Screaming Images has the know-how for building wraps of any duration. “We treat our building wraps that will be up for two weeks the same way we treat a building wrap that they want up for two years,” Swanson said. All Screaming Images wraps are output onto premium-quality material using UV ink to combat the desert heat and sunshine, and long-term graphics are given a year warranty, though a fair amount survive far longer. A perfect example is Tropicana’s wrap promoting its Robert Irvine’s Public House restaurant. “It was supposed to be up for a year, but it’s been up for probably closer to a year and a half now. And we keep maintaining it,” Swanson said. “When it gets really windy out here sometimes, some of the panels will flop loose and we do repairs.”
Why pay to keep a building wrap in tip-top shape past its warranty? Maintaining a wrap is often more cost effective than tearing down and installing a new one. And, “It’s so visible from anywhere in the city,” Swanson said. Having the same wrap up for an extended amount of time builds brand awareness more than a blank building does. A recent install for Topgolf at MGM Grand even serves as wayfinding signage, beckoning people to the resort’s high-tech driving range. “If people who come from out of town don’t know where the Topgolf is, between billboards and that building wrap, they’ve got a bunch of landmarks” leading them in the right direction, Swanson said.
Screaming Images printed the 3,600-sq.-ft. wrap onto FLEXcon SEETHRU-SIGN Clear Flex 70/30 perforated window film using the shop’s EFI VUTEk GS5000r wide-format printer and Genuine EFI inks. Installation in the Nevada elements can be tricky: The Topgolf wrap ran into some challenges due to high winds, delaying work for two days. Once installers could safely traverse the building, it took two more days for a pair of Hangtime Installers (Las Vegas) contractors to wrap the building while rappelling with ropes. And Screaming Images adds another impressive building wrap to its repertoire, front and center against a back-drop of the shop’s previous work. How’s that for a portfolio?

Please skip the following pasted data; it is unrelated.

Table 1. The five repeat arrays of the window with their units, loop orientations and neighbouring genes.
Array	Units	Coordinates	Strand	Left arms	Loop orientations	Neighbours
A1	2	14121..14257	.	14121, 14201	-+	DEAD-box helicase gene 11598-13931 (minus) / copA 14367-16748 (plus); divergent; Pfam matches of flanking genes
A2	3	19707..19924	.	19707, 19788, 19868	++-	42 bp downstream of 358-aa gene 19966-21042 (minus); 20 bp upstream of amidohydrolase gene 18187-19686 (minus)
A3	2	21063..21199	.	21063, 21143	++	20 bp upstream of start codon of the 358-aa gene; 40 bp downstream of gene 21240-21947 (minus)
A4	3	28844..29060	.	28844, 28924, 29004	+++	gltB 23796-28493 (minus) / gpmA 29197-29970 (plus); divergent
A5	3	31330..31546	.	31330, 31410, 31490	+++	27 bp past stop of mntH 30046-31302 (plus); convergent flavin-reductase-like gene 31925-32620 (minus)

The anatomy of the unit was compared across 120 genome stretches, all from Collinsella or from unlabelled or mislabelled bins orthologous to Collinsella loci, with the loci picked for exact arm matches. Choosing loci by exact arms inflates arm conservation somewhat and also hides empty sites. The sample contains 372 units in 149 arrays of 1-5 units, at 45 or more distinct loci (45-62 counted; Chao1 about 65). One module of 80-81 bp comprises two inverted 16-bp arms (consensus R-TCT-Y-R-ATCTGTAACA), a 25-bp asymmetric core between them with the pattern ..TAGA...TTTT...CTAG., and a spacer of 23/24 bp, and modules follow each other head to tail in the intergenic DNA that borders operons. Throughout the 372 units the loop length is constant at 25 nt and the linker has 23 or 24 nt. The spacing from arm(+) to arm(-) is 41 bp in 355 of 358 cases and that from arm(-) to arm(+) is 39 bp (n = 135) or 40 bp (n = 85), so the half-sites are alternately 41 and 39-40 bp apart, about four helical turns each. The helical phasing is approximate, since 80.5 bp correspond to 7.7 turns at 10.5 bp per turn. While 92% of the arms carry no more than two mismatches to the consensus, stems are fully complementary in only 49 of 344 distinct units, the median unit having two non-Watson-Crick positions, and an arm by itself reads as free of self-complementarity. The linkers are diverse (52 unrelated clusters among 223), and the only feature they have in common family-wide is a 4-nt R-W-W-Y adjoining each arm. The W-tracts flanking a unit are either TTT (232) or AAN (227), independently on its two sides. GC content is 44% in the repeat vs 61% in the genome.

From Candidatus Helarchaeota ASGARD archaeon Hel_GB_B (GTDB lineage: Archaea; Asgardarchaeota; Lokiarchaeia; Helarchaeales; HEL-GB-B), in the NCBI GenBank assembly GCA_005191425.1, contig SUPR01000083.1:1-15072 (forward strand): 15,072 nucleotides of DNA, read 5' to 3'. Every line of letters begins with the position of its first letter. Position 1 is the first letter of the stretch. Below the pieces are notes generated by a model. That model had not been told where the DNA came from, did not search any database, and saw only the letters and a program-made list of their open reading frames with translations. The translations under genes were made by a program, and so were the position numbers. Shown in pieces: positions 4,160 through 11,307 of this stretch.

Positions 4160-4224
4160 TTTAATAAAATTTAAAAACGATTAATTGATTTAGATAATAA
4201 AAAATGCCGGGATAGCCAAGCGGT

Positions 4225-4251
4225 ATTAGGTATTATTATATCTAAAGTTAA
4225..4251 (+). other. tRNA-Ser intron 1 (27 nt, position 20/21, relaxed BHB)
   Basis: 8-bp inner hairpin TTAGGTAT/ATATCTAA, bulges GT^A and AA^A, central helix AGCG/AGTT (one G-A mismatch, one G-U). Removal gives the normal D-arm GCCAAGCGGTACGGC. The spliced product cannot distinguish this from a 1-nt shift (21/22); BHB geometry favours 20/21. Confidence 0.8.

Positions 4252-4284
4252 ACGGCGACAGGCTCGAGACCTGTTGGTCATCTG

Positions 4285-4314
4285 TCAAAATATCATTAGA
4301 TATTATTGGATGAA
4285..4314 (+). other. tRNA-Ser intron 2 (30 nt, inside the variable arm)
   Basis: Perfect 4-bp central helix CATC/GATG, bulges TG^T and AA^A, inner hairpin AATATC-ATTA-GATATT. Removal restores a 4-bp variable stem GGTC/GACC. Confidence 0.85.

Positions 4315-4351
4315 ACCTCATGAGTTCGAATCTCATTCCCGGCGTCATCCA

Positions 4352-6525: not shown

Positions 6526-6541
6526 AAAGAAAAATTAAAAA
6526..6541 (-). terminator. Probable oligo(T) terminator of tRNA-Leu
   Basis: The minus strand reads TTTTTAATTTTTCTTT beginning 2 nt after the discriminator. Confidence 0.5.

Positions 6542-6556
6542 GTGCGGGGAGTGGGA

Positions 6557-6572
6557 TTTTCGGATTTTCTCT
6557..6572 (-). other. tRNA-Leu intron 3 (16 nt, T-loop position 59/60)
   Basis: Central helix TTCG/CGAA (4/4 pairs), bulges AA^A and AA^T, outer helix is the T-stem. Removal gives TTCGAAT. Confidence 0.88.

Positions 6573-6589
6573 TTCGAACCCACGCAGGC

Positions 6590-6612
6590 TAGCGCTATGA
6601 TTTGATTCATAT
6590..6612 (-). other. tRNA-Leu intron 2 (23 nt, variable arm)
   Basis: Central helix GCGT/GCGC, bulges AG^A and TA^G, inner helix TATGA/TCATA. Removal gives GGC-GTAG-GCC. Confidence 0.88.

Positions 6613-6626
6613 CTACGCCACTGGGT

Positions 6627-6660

EYE OF THE TIGER
“I love sports,” said Ty Gipson, owner of Waterboy Graphics. “I would go to athletic stadiums and facilities and see these graphics and think, ‘I wonder who does this?’” Gipson launched a Georgetown, TX-based large-format graphics provider in 2006 and found a niche in school and athletic-facility branding with Waterboy Graphics in 2015.
Today, Waterboy Graphics is a national provider of wide-format visuals that boost school spirit, from primary schools to universities. With thousands of installs now under its belt, Waterboy’s goal is simple: to transform schools and athletic facilities into places that students want to be, and can be proud of. And if a school has a graphics department, Waterboy encourages students to work with the shop’s designers to create the imagery for their school. “It makes it even more special when they see stuff that they worked on in their own schools,” Gipson said.
Partnerships with shops around the country and brands like Under Armour and Nike have helped Waterboy expand its reach beyond its home state. One such partnership with Lifetouch, a school photography company, led to a job at Kiser Middle School in Greensboro, NC. Kiser was looking to add culture and excitement to the aesthetic of their building, said Kristi Kirkland, Waterboy Graphics’ project coordinator. Design posed a few hurdles.
“The biggest design challenge to anything like this is achieving balance with message and spacing the letters and logos across all of the breaks between windows,” explained Betsy LeClair, Waterboy’s creative director. Plus, the school’s lower windows had to remain clear and the transition from solid vinyl to perforated vinyl needed to look seamless while allowing enough light inside.
Keeping all this in mind, designer Eric Dufeau crafted graphics spanning the length of 33 windows that include Kiser’s tiger mascot and school colors. The shop printed roughly 490 sq. ft. of Solvex 70/30 Perforated Vinyl and 3M Scotchcal Graphic Film with Comply Adhesive IJ40C-10R (finished with 3M Scotchcal Matte Overlaminate 8520) using a Roland SOLJET Pro III XC-540. Two installers wrapped the school over the course of two days. The final product is a pretty sweet welcome to school for students as they get off the buses and start their days. After all, “It’s not just about us doing a print job and getting a check,” Gipson said. “It’s trying to do the right thing to help people along the way.”